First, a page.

Shrine of Remembrance, health funding, housing – Doorstop Interview – Melbourne

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Early Release of the June Quarter 2003 National Accounts
August 15, 2003
Defence, Wilson Tuckey, COAG – Parliament House, Canberra
August 20, 2003
Early Release of the June Quarter 2003 National Accounts
August 15, 2003
Defence, Wilson Tuckey, COAG – Parliament House, Canberra
August 20, 2003

Shrine of Remembrance, health funding, housing – Doorstop Interview – Melbourne




Visitor Centre

The Shrine of Remembrance


Sunday, 17 August 2003

12.30 pm

SUBJECTS: Shrine of Remembrance, health funding, housing


Treasurer, your own memories of watching this on television but also of your

own father and grandfather?


Well the Shrine has been central to the people of Melbourne and Victoria and

I have seen members of my own family, march down Swanston Street to the Shrine.

Its one of my earliest memories, but it commands the skyline as you look down

Swanston Street. Its ingrained into the consciousness I think of every young

of Victorian and up until now you have never been able to get inside it, but

now you can. And you can see something of the story of Anzac and the Second

World War and Vietnam and Borneo and all of the conflicts that Australians have

served in, its a very moving thing.


Is this something that we can link into community service as an example for

our younger people to look to the previous generation?


Oh, absolutely, this is something I think which will be an inspiration, and

young people who want to know the story of Anzac and who would go to Anzac Cove,

want to be part of the sense of sacrifice and commitment that they have seen

in previous generations. They want to do it again today and here at the Shrine

they can come down and they can see the story and they can know the exploits

of those that have gone before them and I hope it will inspire them to make

similar commitments and this I think will be a very major commemoration, a very

major place for young Australians in the future.


Can I just change the subject to health funding? Mr Carr and Mr Bracks are this

morning calling on the Federal Government to put health funding back on the

table. They want to talk again, they say, that there will be a big shortfall

in the years to come unless the Federal Government gives more money.


The Federal Government is increasing funding for health by $10 billion dollars,

a 17% increased in real terms, now this. Now this a major increase. The five

year Health agreement is worth $42 billion, and what we need now, is we need

the States, one, to agree with the Commonwealth, accept the money and to lift

their own spending and to match the Commonwealth in relation to the Commonwealth

increases. Now they shouldnt be engaging in arguing about this, what they should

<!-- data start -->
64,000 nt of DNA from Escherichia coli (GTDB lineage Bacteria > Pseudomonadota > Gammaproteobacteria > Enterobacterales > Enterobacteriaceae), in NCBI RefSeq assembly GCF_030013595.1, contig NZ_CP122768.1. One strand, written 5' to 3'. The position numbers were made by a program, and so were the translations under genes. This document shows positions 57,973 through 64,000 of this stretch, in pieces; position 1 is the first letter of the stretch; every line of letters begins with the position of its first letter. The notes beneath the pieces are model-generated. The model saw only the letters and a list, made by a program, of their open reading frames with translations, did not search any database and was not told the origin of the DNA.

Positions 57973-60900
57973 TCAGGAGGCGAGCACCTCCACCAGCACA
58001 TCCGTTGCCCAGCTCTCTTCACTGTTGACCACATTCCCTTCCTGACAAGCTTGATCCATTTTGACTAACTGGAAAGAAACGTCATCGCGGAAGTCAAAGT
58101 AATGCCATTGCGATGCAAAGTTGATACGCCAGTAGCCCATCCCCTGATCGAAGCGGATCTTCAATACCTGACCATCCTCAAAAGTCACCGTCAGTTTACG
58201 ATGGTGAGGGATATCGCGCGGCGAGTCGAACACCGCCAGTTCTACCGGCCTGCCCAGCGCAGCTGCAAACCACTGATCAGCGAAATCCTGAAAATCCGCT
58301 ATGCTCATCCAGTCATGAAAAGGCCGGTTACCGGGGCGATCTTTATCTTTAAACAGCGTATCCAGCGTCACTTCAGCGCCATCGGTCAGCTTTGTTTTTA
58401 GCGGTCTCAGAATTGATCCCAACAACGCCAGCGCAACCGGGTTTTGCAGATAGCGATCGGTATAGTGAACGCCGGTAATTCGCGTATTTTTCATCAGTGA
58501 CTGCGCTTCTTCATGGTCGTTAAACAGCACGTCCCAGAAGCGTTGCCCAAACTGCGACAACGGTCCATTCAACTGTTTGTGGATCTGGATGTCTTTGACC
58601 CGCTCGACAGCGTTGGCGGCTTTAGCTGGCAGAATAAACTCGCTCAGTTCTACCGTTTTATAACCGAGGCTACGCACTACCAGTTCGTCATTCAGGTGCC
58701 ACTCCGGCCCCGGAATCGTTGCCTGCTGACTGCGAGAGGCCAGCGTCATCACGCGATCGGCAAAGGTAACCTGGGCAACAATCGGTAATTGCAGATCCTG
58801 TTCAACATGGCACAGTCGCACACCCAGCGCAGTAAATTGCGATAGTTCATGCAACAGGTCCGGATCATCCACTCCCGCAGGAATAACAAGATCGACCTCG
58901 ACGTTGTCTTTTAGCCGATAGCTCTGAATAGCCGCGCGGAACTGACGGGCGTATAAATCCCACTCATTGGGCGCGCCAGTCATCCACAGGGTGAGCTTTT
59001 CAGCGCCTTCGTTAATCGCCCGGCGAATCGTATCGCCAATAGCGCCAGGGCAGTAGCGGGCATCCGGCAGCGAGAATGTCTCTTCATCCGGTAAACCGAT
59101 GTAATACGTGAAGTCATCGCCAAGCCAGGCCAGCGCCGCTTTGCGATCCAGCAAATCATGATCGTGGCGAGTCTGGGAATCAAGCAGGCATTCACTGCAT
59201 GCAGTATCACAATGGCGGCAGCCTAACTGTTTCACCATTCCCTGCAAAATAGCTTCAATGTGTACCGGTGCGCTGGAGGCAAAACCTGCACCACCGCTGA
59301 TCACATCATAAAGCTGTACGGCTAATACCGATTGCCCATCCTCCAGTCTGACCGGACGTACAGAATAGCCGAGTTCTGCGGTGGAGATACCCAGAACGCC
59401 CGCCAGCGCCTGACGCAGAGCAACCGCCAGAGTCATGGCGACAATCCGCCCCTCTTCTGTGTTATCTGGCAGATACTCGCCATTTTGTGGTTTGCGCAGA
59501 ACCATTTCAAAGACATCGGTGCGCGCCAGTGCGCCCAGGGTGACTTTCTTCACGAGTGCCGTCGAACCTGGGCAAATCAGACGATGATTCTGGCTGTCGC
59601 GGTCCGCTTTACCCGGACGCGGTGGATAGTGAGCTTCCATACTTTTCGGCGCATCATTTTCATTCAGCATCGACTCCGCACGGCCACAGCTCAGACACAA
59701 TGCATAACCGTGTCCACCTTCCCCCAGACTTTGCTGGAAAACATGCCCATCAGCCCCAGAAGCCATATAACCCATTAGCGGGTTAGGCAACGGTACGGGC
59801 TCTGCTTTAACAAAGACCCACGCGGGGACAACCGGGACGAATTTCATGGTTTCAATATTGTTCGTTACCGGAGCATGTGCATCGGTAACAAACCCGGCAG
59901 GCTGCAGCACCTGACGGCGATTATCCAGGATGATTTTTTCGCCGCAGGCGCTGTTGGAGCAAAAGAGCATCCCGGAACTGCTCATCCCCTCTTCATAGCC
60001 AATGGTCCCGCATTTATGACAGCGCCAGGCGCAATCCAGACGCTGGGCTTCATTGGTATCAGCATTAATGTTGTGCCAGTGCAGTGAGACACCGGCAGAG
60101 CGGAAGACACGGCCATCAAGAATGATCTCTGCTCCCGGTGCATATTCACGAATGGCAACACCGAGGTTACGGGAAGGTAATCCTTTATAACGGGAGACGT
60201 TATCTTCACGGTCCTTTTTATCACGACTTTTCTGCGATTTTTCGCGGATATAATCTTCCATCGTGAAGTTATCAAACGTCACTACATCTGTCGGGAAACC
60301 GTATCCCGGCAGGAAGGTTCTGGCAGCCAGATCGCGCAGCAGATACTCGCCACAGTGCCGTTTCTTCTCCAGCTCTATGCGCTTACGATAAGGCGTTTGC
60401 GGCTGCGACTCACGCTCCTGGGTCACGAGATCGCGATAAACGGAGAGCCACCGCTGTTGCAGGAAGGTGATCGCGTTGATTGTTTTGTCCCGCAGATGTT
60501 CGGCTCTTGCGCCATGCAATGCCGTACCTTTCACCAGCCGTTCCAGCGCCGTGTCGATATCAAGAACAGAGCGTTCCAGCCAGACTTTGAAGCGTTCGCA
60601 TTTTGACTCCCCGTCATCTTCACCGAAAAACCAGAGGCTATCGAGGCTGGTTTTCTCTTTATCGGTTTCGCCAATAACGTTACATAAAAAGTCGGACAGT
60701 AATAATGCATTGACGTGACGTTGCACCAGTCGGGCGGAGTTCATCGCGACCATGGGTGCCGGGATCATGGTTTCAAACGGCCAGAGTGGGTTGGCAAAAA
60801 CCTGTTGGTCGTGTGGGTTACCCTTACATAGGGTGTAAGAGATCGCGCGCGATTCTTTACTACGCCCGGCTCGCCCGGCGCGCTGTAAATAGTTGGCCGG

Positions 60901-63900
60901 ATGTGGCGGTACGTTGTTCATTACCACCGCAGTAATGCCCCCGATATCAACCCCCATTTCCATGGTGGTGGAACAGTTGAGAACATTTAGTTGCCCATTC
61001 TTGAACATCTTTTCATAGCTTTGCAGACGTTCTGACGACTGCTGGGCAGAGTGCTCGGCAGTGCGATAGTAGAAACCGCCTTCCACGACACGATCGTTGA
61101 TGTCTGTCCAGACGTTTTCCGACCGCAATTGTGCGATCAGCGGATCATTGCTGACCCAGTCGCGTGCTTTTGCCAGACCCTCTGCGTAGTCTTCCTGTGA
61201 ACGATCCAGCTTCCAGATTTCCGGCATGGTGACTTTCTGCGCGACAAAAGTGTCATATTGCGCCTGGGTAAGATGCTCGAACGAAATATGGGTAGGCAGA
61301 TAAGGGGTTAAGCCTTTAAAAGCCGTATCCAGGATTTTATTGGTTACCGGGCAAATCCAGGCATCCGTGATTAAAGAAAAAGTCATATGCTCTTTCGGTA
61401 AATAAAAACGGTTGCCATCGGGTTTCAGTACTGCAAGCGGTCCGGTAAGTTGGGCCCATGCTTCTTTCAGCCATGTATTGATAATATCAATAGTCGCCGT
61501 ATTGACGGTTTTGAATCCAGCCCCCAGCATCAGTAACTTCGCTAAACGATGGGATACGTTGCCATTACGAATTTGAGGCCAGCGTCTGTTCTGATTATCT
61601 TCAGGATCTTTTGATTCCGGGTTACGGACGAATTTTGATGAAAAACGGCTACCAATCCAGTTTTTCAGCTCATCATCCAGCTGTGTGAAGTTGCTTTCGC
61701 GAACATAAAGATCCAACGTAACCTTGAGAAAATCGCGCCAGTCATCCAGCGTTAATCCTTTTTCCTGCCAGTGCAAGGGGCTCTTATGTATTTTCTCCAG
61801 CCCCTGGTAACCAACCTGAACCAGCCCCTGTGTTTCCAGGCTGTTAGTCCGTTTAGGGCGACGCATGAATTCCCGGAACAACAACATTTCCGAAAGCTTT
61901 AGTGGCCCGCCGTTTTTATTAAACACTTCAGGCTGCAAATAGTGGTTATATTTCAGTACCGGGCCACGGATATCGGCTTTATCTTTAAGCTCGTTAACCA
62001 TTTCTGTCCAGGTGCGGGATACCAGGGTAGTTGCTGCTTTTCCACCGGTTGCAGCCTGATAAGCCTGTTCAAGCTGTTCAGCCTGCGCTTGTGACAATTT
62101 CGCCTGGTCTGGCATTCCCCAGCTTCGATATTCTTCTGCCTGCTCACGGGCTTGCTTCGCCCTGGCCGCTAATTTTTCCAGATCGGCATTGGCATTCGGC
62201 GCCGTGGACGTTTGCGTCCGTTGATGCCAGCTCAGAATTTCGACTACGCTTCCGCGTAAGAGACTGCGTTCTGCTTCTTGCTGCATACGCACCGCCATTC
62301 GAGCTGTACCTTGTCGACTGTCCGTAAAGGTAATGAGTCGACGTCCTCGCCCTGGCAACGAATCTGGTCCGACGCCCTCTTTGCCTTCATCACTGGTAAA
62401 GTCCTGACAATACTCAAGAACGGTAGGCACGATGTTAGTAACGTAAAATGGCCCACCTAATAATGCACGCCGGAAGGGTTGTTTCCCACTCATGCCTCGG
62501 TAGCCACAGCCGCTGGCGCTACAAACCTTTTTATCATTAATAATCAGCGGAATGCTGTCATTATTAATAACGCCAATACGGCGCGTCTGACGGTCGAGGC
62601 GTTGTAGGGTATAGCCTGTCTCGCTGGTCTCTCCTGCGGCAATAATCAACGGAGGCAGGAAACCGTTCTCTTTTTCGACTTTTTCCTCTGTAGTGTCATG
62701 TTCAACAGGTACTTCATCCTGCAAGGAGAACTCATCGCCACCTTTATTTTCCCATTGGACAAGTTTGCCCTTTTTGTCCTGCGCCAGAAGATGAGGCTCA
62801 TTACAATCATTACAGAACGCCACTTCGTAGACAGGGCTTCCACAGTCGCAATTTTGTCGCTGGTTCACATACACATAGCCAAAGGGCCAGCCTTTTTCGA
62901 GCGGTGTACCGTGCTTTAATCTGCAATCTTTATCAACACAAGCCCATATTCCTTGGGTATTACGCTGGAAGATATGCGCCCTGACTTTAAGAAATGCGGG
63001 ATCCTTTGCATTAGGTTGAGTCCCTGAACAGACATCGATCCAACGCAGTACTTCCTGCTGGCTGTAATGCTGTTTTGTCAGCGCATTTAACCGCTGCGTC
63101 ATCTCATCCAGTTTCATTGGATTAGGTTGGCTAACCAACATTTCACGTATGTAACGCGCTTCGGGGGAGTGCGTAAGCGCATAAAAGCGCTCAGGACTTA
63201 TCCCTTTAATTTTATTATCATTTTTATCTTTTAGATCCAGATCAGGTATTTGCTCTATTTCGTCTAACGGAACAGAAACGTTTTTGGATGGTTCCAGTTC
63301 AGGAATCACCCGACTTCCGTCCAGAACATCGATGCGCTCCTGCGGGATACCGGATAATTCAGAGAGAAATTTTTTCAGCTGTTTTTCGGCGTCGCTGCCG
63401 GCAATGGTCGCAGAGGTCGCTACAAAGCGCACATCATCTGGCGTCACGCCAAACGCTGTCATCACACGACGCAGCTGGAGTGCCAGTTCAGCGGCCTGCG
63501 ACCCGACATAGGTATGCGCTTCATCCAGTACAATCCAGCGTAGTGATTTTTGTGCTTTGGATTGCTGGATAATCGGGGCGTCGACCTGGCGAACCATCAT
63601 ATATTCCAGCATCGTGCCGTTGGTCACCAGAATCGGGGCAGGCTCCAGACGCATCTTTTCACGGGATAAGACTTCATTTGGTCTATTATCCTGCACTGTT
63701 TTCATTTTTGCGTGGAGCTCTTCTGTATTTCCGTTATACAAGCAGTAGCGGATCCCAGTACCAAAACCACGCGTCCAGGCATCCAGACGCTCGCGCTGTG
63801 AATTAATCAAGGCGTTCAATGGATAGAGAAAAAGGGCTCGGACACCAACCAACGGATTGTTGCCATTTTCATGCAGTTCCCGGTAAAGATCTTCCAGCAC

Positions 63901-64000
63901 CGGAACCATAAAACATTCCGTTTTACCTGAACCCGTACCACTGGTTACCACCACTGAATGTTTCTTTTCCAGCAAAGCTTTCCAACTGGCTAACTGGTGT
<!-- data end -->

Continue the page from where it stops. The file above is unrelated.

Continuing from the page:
be doing is they should be matching the Commonwealths increases, the $10 billion

increase, 17% real, and getting on with Health Care Agreements.


In terms of how Federal-State financing also with housing with the affordibility

for first home buyers, now you have put the stamp duty argument and the Premiers

and States have also talked about release of more land too. Whats the solution

here? You both coming at it


I think one of the reasons we are having an inquiry is to look at land release

policies and it may well be that more land could be released and that would

be available for first home buyers. Now the States are in charge of land release

policies. We need to have an inquiry to get a fix on why land isnt being released,

what can be done to bring more onto the market, what can be done to make it

available at affordable prices and thats why we have got an inquiry going in

relation to that. I think it will be a very positive thing if we can get some

of the facts out, work out what is causing the difficulty at the moment, see

if we can overcome those barriers.


Does this mean wider regional development policy and de-centralisation?


Well, lets have a look at it generally and in particular in relation to Melbourne.


Treasurer, back to the Shrine. One of the Trustees said that the development

was about teaching a new generation to remember. If you were that teacher what

would you want to be taught?


I think that the lesson of the Shrine for future generations will be that,

in the First World War 18, 19, 20 year olds served their country with bravery

and distinction in a selfless way. In the Second World War young Australians

again rose to the call. And in the future young Australians can rise to the

call again to serve their country, to make it proud, to serve their fellow citizens,

maybe not in theatres of war, although Australia is engaged in theatres of war

as we speak. Brave men and women from the Australian Defence Force are serving

in the Solomon Islands, we are engaged in East Timor, we have peacekeeping operations

around the globe. But not just in theatres of war, they can serve their fellow

citizens in all sorts of areas, and can make our country proud and I think that

is the message that is going to come out of this.